NMMII cross-linking and contractile functions to remodel the actin cytoskeleton are regulated by phosphorylation of (1) regulatory light chains (RLC), (2) heavy chains (HC) and (3) myosin’s ability to assemble into filaments. The RLC polypeptide can be specifically phosphorylated at different regulatory sites. The most prominent site is Ser19, leading, when phosphorylated, to a significant increase in ATPase activity of the head domain in the presence of actin . Phosphorylation sites in the C-terminus of the myosin heavy chain have also been identified, although the true implications of such changes in ATPase activity remain unclear. Regulation of the reversible phosphorylation of specific residues is obtained through the activation of different kinases and phosphatases, depending on the residues considered. Whilst phosphorylation at residue Ser19 will be regulated by MLCK (myosin light chain kinase) and MYPT1 (myosin phosphatase target subunit 1), the most prominent examples, respectively [88, 89], the C-terminal region of the myosin heavy chain is directly targeted by kinases such as TRPM7 (transient receptor potential cation channel subfamily M member 7) and PKC (protein kinase C) [77, 90].
Compelling evidence also demonstrates that phosphorylation and interactions with the C-terminal region of NMMII regulate assembly of the complex into filaments. Such post-translational modifications also result in a change in overall structure. In its fully dephosphorylated form, the compact NMMII complex adopts an asymmetric state, unable to polymerise which is relaxed into an extended conformation following phosphorylation of RLC . Phosphorylation of the C-terminal region of NMMII by kinases such as TRPM7 and PKC has also been shown to interfere with its abilities to form filaments . Finally, it is predominantly through changes at the C-terminus, via the coiled-coil domain that NMMII assembly into filaments is controlled. Truncation experiments have demonstrated that the C-terminal region containing an ACD (assembly competence domain), as well as the C-terminal tail piece, are both important to promote correct assembly of NMMII into parallel and anti-parallel filaments [93, 94]
Another key regulator of motility is the cell’s ability to orchestrate the different contraction and tension forces that are necessary to promote movement. In this section, lamellum components such as those of the NMMII and tropomyosin networks have been briefly reviewed. The overarching purpose here being once again to focalise the reader’s mind on certain complexes, which are known interactors for the S100A4 proteins and could be key players in the process of motility observed when this protein is aberrantly expressed. Other pivotal factors that regulate motility via contractions have not been mentioned here but have been addressed in numerous other reviews and chapters [23, 95–101].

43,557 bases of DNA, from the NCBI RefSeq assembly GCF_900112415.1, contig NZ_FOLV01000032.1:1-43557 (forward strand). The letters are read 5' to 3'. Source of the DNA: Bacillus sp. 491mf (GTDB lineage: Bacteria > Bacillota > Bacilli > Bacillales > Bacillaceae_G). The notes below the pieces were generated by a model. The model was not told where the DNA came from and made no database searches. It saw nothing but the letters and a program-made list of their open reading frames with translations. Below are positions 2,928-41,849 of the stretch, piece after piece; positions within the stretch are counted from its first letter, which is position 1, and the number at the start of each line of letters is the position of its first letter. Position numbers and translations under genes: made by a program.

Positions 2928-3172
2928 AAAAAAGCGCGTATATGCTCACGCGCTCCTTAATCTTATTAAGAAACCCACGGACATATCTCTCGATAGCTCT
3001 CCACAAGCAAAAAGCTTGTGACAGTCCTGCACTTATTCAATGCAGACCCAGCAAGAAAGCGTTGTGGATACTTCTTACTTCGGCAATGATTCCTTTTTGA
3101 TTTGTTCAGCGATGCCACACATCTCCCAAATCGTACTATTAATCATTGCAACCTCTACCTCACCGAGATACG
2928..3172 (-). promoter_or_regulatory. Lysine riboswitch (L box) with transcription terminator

3. S100A4 protein regulation of the actomyosin cytoskeleton
Initially, referred to as mts1, FSP1, metastatin, p9Ka, PEL98, calvasculin, 42A and placental calcium-binding protein, S100A4 is a low-molecular weight acidic protein belonging to the S100 family. This small polypeptide is characterised, as all other members of this family, by a pair of calcium-binding helix-loop-helix regions referred to as EF-hand calcium-binding domains located at either side of the protein and separated by a hinge region [16, 102]. Over the years, S100A4 has received a large degree of interest in the field of cancer cell biology, since its expression is linked to increased motility and invasion directly promoting metastasis in animals, and it is now considered a potent marker for human metastasis and predictor for poor patient outcomes [17, 103]. Its expression is also observed in non-physiopathological states in different motile cell types in vivo, including those of the immune system (lymphocytes, macrophages and neutrophils) as well as mesenchymal fibroblastic cells. The biological implications of S100A4 expression on cellular migration are well-known , but the mechanisms required to attain such phenotypic changes are not fully characterised. In this part of the chapter, I will review its interactions with the different actomyosin components that have been discussed, whether actin nucleating activators, actin binding proteins or myosin regulators, highlighting how their functions are being affected in the presence of the S100A4 protein.
3.1. S100A4 regulates cellular protrusion
Expression of S100A4 has been correlated to significant changes in overall actin organisation and cellular extensions, with extensive increases in lamellipodia and forward protrusions [104, 105] which, in turn, are thought to result in greatly enhanced cellular motility. Similarly, S100A4 has been found to be enriched at both the leading edge and in pseudopodia of migrating cells [104, 106]. A clear molecular explanation as to how S100A4 can regulate such processes is currently lacking, but different hypotheses have been formulated in view of what is known about its different binding partners and regulatory functions.